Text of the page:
The freshness is one of Shatto’s main selling points, he said. When the Shattos were a traditional dairy, milk was picked up every other day and then went to the processor, where it spent an unknown amount of time. “There’s no way they can get it as fresh as we can,” he said.
Limiting that distribution area has caused angst among potential customers living as far away as Iowa, Louisiana, Texas and Arkansas, but Shatto is committed to remaining a local dairy.
Of course, the family could open another Shatto farm in another state, “but our position has been, why become what we fought? We’re truly creating a relationship with our customer, who we consider to be our neighbor. If we were to expand to Columbia (Mo.), let alone Arkansas, then we become something different than what it is we always wanted to be.”
The majority of the credit for the dairy’s growth and numerous awards belongs to the cows, customer service and transparency of the operation, Shatto insists. But there were also a few national trends helping along the way.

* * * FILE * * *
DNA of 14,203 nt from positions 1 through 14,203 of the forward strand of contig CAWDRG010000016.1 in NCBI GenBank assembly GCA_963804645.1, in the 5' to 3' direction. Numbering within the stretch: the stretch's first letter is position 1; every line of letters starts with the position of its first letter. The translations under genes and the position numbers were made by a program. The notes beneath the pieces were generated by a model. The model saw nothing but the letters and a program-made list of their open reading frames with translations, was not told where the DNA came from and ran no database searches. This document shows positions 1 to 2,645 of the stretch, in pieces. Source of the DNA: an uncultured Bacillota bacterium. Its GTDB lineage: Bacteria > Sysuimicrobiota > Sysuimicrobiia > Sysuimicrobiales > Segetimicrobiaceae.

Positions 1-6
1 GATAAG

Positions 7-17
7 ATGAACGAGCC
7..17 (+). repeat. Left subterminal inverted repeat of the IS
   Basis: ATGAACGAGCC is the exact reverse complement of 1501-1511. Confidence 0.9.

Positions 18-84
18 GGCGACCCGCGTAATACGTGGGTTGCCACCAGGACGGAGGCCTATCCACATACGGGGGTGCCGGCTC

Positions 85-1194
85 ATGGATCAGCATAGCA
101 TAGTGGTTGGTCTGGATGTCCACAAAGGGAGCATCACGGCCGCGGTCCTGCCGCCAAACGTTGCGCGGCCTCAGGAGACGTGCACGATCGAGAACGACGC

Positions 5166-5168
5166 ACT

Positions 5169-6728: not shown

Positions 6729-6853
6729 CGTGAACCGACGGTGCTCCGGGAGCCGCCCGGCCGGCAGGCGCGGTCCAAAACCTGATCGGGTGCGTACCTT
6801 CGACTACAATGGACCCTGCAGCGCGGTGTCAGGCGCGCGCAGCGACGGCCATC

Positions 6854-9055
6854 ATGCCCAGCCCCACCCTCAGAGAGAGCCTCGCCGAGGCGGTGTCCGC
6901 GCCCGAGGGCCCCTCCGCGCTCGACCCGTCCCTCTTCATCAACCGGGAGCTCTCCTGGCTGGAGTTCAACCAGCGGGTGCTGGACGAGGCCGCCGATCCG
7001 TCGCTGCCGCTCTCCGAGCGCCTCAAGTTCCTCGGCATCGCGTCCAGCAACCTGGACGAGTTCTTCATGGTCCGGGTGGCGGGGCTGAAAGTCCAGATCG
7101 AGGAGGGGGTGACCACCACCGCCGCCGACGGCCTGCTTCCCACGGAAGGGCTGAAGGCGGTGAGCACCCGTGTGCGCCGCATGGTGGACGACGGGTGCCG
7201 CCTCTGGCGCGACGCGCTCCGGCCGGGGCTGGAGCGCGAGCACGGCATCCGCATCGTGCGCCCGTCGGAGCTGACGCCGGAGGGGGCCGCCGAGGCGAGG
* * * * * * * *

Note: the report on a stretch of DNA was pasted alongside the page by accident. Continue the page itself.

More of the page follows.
The Shatto Milk Co. happened at about the time demand for local and whole foods was reaching critical mass. The movie “Supersize Me” in 2004 was the first of many documentaries critical of what has come to be known as Big Food.
Shatto takes pride in being local. “People appreciate the fact that the money they spend on us is used within the community and that they’re helping a dairy farm within the community,” Matt Shatto said.
At the same time, more people were willing to spend free time visiting farms and taking part in agriculture-related activities. The agritourism trend fit right in with the Shatto message because it allowed customers to meet the family and see exactly how the operation worked, Shatto said.
“Why is the cow sad?” came a voice from the clutch of kids on the tour who were watching the cows line up to be milked.